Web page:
Friday, March 13, 2009

The best French language films – part 2: Peppermint Soda

Check out any parts of the series you may have
missed - part 1, part 3, part 4, and part 5

There are very few coming-of-age films quite as authentic as Diane Kurys' semi-autobiographical film, Peppermint Soda (Diabolo Menthe). The film is such a thorough examination of adolescence, it's hard to believe it is Kurys' directorial debut. Created in 1977, the humorous film was somewhat atypical for the times because it focused on a teenager's coming of age from a female point of view. The film presents themes found in many of Kurys' subsequent works that involve separation and divorce in a French-Jewish family. Her script is clever and when I first saw Peppermint Soda in my own adolescence I could find aspects of my own coming of age mirrored in the storyline. The film's best quality is its universal appeal. Granted, its historical events and characters are distinctly French, but if anyone in the audience has ever been a teenager - particularly a teenaged girl – somewhere that audience member will see themselves in one of the film's two central characters – thirteen year old Anne Weber (Eléonore Klarwein), and her fifteen year old sister, Frédérique (Odile Michel).

The events of Peppermint Soda unfold over an entire school year, and follows Anne, a sensitive but often sly French schoolgirl, who confronts the challenges of growing up in 1960s Paris. For Anne, life is an awkward misery. In her first year as a teenager her grades are terrible, she despises her divorced mother's boyfriend, she has no idea how to talk to boys her age, or how to relate to her pushy and extroverted older sister, Frédérique. Frédérique is the opposite of her younger sibling. She has a boyfriend, Martine (Valérie Stano) who sends her love letters – letters which unbeknownst to her are read by a curious, but jealous Anne. Frédérique also gets interested in politics, particularly the war in Algeria. Naturally the two sisters fight.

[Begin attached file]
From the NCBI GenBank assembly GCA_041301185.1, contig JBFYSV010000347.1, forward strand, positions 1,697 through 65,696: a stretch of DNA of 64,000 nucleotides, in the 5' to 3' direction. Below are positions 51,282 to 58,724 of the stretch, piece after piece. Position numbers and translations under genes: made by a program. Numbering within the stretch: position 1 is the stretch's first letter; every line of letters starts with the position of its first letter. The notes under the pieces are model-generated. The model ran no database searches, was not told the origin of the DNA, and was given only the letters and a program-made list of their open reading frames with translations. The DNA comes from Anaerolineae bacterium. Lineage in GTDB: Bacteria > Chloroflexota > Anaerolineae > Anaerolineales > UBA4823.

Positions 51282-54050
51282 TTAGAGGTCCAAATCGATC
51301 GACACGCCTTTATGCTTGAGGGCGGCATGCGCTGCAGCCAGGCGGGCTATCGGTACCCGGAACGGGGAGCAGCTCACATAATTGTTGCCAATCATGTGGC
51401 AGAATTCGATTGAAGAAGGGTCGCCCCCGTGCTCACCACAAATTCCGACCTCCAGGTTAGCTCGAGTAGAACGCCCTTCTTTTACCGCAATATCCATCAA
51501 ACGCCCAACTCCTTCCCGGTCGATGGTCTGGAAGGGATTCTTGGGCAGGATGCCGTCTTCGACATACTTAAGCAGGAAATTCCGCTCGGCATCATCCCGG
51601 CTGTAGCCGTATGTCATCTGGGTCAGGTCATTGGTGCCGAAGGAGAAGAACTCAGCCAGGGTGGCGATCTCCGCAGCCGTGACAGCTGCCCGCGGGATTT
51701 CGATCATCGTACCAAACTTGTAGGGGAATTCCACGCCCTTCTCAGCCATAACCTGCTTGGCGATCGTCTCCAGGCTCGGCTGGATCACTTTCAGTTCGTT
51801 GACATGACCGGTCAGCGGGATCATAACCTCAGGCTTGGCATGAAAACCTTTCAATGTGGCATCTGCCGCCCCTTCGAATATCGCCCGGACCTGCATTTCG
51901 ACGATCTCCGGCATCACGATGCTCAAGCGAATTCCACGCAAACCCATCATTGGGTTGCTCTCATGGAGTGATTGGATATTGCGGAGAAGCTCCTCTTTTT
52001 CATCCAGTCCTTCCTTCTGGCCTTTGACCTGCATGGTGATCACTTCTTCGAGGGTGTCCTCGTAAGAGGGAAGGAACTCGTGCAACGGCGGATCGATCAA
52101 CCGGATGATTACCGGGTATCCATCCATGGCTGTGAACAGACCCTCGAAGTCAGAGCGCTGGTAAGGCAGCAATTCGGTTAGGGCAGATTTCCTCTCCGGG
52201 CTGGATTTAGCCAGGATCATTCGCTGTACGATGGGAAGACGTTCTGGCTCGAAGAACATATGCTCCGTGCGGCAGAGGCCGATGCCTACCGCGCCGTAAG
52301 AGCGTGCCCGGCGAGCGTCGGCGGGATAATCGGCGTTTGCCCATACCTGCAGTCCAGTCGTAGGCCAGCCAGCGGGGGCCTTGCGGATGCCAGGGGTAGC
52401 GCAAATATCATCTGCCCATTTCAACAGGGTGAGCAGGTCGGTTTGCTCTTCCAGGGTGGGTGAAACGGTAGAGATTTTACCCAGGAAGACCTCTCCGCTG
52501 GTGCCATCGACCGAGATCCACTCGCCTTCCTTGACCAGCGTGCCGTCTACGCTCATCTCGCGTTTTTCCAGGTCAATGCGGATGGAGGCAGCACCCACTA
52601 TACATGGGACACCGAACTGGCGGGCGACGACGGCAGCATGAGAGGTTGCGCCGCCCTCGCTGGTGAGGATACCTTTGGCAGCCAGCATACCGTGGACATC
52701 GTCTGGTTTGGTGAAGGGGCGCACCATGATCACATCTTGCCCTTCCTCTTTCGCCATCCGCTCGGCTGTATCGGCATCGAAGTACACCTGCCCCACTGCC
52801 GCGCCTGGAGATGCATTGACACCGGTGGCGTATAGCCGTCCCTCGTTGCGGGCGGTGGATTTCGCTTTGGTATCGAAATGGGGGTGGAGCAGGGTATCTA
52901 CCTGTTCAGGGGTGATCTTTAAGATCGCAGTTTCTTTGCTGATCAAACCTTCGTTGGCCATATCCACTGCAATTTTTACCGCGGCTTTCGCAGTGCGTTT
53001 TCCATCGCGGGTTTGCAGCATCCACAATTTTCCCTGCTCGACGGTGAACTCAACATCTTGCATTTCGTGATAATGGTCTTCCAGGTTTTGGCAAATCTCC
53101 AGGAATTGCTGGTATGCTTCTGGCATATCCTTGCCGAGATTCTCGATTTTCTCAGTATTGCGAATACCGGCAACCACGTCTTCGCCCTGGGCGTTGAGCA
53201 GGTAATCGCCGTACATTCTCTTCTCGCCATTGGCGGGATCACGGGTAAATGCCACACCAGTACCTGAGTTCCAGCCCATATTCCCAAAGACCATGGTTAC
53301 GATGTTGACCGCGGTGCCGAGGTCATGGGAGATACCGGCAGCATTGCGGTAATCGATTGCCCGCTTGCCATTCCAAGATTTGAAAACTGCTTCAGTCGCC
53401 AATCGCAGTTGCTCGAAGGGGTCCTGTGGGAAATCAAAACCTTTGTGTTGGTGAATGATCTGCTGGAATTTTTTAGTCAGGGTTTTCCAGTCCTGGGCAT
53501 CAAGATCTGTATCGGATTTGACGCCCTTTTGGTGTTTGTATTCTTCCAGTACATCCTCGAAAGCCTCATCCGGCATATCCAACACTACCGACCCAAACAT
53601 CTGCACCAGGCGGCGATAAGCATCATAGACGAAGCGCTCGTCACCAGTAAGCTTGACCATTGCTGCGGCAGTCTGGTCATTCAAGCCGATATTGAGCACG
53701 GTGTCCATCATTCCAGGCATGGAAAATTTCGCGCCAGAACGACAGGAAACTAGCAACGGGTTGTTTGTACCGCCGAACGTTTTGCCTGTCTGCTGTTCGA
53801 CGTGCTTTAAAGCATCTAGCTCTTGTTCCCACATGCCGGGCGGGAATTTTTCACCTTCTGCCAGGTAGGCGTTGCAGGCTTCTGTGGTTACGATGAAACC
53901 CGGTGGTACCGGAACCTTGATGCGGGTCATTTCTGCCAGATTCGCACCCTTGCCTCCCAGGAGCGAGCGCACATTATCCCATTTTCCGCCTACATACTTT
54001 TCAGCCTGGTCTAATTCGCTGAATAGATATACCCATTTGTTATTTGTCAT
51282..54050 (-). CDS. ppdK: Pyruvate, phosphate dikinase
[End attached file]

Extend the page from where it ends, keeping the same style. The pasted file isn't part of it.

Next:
Eléonore Klarwein

The most impressive aspect of this delightful film is Kurys' memory of what it means to be young. She possesses a remarkable ability to make the more common-place and easily forgotten events of a young girl's life seem monumental – how if feels for a younger sibling to be pushed around by the older tyrant, a mother who refuses to allow stockings or rides on the school bus, uncomfortable holidays with a father in Deauville, a first period, and the first year at Lycée Jules Ferry (the same all-girls school Kurys' attended) with each teacher more loathsome than the next. Kury's can also show moments of seriousness and sometimes, pain. Frédérique's love for politics drives her best friend, Perrine (Coralie Clément) away, ending their childhood friendship, the Kennedy assasination is part of the historical backdrop, and Fédérique's political student group is attacked by neo-Nazis.

Though I first saw Peppermint Soda over ten years ago, I always remember it fondly. It was the first French film I ever saw. The film can be sporadic at times, with some events being crammed in here and there, it is still a wonderful film and I highly recommend it – especially to anyone who wants an introduction into French cinema. It seems impossible to get Peppermint Soda on DVD, and there aren't even any clips available to upload from youtube, but there are used copies available at Amazon to purchase.

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